Keep Your Head (and Data) in the Cloud
on Apr 25
The Cloud. You’ve probably heard this term thrown around your office. It is one of the biggest buzzwords in the telecom world but not entirely understood by today’s consumers. According to a recent US survey, 30% of Americans still believe it involves a real cloud in the process. People think their data is stored somewhere beyond their understanding, but this “somewhere” - a network of online servers - is easily available and accessed by users on a daily basis. Popular applications such as Google Drive, Google Mail, Apple iCloud, Spotify, Netflix, and Dropbox are popular cloud services used by millions of people on any given day.
Many businesses, regardless of size or industry, migrated to cloud services and enjoyed lower operational costs, increased productivity, and a better peace of mind with their data. According to LogicMonitor’s Cloud Vision study, over 80% of companies’ workload will be cloud-based by 2020, and this trend will continue for the next few years as technology improves and offers more cloud-based options for business operations. Before we highlight the advantages of cloud computing, let’s dig deep into what the platform actually does.
What is Cloud Computing?
Cloud computing is the delivery of computing services over an internet-based connection. Instead of businesses buying expensive computing infrastructure or data centers, businesses can now rent access (via subscription or one-time fee) to cloud applications from a third-party provider. Using a cloud service is like leasing an apartment vs. owning a home. You pay a fixed fee to rent a space for your items, and the owner of the space is responsible for any updates or maintenance. Contrary to popular belief, the cloud is not an acronym that means anything. It started as a figure of speech when engineers noticed that remote networks drawn on paper always resulted in a cloud shape. But where exactly did the cloud come from?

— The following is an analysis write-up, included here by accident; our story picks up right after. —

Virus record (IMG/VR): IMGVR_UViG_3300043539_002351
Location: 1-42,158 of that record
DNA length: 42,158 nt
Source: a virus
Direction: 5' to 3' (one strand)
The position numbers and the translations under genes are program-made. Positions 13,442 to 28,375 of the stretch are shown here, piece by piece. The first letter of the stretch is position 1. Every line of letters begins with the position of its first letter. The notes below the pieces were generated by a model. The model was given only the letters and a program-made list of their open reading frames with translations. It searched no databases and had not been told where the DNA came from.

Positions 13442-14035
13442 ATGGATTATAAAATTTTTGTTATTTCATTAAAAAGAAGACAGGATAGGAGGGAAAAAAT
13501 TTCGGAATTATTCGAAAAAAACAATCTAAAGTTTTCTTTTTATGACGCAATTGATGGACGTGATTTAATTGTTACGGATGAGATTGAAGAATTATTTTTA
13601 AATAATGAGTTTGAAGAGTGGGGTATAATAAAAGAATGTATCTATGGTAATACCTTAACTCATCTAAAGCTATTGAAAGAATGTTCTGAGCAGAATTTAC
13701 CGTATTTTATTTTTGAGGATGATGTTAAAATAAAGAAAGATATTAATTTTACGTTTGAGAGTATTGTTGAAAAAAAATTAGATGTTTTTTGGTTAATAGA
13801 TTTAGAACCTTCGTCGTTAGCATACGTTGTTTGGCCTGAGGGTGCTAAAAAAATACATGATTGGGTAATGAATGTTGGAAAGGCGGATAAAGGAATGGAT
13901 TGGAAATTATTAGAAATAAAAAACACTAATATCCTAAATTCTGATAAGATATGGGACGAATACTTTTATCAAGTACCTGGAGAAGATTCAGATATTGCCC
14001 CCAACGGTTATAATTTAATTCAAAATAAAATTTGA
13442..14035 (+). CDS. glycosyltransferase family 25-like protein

The beginnings of cloud computing started over 60 years ago before anyone imagined having a personal computer in their own home. In the 1950s, commercial computers were the size of a one-bedroom apartment in Honolulu and cost businesses a fortune to rent. Computer service bureaus were created to allow multiple businesses to share a central computer. They would schedule two or more people at a time via dumb terminals to access the mainframe. These terminals included hosted applications and certain protocols to improve the user experience, which are very similar to ones used for today’s cloud servers.
By the 1990s, these 'time-sharing' services were overtaken by the rise of the PC and made owning a computer much more affordable. This trend in personal computers led to the rise of corporate data centers where companies would store vast amounts of data for security purposes. Telecom companies also offered virtual private networks (VPNs) that allowed companies to access servers remotely without spending a fortune on infrastructure. In 1999, Salesforce.com launched a website that allowed companies to access their applications online for the first time. Then Amazon provided a breakthrough in cloud computing with the launch of Amazon Web Services (AWS) in 2002. Originally an effort to clean up Amazon’s Merchant.com service, they created a shared infrastructure that provided services such as storage and computation. They launched the system in 2006 as Amazon Elastic Compute Cloud to the public and now provide over 70 cloud services to over one million customers.